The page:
RAHN: When is too much security too much?

Measures that slow the economy block better solutions

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Should Americans be spending more on public security, or less? After a week of two horrific events, the Boston Marathon attack and the Texas fertilizer-plant explosion, most would probably answer the above question by saying, “We’re not spending enough.” Such an emotional response is not surprising particularly after seeing the highly competent and courageous response of the police, firefighters and medical first responders.

On Friday, I received an email from a friend asking the question, “Did it make sense to close down half of Massachusetts for a day to capture one 19-year-old suspected terrorist? No, unless he was part of a bigger cell which was the unknown for the police. Did the huge redeployment of law enforcement resources for the week to catch the perpetrators result in more nonrelated terrorist murders or auto fatalities (or perhaps even fewer)?”

One occasionally hears the comment that “we should spend whatever is necessary” to stop terrorism. It sounds good, but on reflection, it makes no sense. First, it is not at all clear that spending an unlimited amount can “stop terrorism.” As harsh as it may sound, we, like the Israelis and others, might have to learn to live with an occasional terrorist event. If we bankrupt the country or give away our liberties in a futile attempt to stop all terrorism, the terrorists win. As Benjamin Franklin warned: “Those who would give up essential liberty to purchase a little temporary safety, deserve neither liberty nor safety.”

A society would make better public-policy decisions as to how much to spend on protection i.e., policing, firefighting, first-response medical systems, and the military if we viewed these expenditures as we do other forms of insurance. A rational person does not spend far more for homeowners and business insurance than the home or business is worth. Most people do not have $100 million in life insurance, because they cannot afford it and because they also implicitly realize that their lives are probably not worth that much.

The same is true when making collective decisions about how much to spend for public safety. Thus, the first question that needs be asked is, how much is a human life worth? In the real world, most people implicitly understand that the life of the typical 95-year-old is not worth as much as the life of a 28-year-old who has just received a medical degree. Courts recognize this; so, in the case of wrongful death, the payments are often granted on the expected remaining lifetime earnings of the victim.

How much is your life worth? Is it worth as much as you would be willing to pay to stay alive (all of your assets?), plus the amount that family, friends, acquaintances or perhaps even strangers would be willing to spend to keep you alive? Many bad decisions are made by public policymakers because they avoid making the decision as to how much the typical person’s life is worth. The result is that we greatly overspend on airline security (because the rare crash is big news) relative to driving, bicycling and walking. According to an analysis published in the American Scientist, “to make flying as dangerous as using a car, a four-plane disaster on the scale of 9/11 would have to occur every month.” The hassles and time loss of going through airline screening causes some people to drive more and fly less (estimates are in the 5 percent range), so the folks at the Transportation Security Administration (TSA) are inadvertently causing more lives to be lost than necessary. They should greatly expand their trusted-traveler program because it reduces costs by not wasting scarce resources on low-risk travelers, makes the airport experience less unpleasant, and saves lives by getting people out of their cars and onto planes.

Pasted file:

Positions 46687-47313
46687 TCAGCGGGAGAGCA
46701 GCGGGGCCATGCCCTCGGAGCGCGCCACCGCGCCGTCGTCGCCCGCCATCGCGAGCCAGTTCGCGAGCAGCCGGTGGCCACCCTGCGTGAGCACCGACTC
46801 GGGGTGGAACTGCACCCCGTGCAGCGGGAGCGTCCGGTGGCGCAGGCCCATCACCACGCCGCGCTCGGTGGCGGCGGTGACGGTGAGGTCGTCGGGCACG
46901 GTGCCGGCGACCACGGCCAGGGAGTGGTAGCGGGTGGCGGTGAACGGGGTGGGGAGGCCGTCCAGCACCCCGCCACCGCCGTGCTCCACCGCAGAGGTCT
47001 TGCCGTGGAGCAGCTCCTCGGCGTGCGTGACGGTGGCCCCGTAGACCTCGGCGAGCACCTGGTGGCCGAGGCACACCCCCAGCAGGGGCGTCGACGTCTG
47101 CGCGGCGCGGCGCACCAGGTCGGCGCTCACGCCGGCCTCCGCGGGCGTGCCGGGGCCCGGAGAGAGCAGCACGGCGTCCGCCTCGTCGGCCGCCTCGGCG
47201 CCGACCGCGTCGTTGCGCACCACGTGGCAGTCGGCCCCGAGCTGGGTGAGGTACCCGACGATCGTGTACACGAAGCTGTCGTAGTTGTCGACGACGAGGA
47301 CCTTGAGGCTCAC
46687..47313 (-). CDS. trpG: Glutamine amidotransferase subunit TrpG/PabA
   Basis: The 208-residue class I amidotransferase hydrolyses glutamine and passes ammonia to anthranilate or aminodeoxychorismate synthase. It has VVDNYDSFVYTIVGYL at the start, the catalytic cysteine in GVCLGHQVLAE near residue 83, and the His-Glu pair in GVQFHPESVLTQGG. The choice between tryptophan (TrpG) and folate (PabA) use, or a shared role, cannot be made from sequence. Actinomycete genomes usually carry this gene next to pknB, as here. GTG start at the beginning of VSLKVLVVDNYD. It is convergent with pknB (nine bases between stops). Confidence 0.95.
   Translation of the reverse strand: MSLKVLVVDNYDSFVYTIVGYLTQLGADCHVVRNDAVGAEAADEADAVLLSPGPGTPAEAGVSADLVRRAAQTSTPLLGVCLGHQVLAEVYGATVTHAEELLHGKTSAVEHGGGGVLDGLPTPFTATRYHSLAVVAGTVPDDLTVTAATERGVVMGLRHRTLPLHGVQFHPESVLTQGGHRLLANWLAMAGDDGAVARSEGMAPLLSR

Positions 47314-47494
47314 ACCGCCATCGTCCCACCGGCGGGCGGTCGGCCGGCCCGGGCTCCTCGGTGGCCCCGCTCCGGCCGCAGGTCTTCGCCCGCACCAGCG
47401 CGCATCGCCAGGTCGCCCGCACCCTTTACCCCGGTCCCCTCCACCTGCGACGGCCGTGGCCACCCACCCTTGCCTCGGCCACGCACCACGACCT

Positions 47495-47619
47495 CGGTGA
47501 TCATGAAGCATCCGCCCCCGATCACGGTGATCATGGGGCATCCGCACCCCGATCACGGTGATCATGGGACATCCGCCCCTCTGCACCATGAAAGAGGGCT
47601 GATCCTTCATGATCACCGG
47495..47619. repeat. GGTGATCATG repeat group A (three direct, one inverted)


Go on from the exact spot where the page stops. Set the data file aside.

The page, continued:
The TSA spends about $8 billion per year on airport security, or $12 per passenger per flight. The additional waiting time per passenger costs at least an additional $15 per flight. All of this is a deadweight loss on the economy, which costs productive jobs and economic growth. Higher growth results in not only better lives, but more new technology to make us safer. The speed of identification of the Boston terrorism suspects was directly related to the digital video cameras, including cellphones. This inexpensive technology, which has brought tremendous pleasure to billions as well as made the job of the police far easier and more cost-effective, was first developed by an American company, Kodak, which had sufficient profits at the time to invest in research. (Ironically, it did not work out well for Kodak, because this innovation destroyed its highly profitable film business.)

The bottom line is that attempting to increase security through more spending and taxing may be counterproductive for many reasons including misallocating money for security and slowing growth, which impedes the development of new, better and less intrusive security tools.

Richard W. Rahn is a senior fellow at the Cato Institute and chairman of the Institute for Global Economic Growth.

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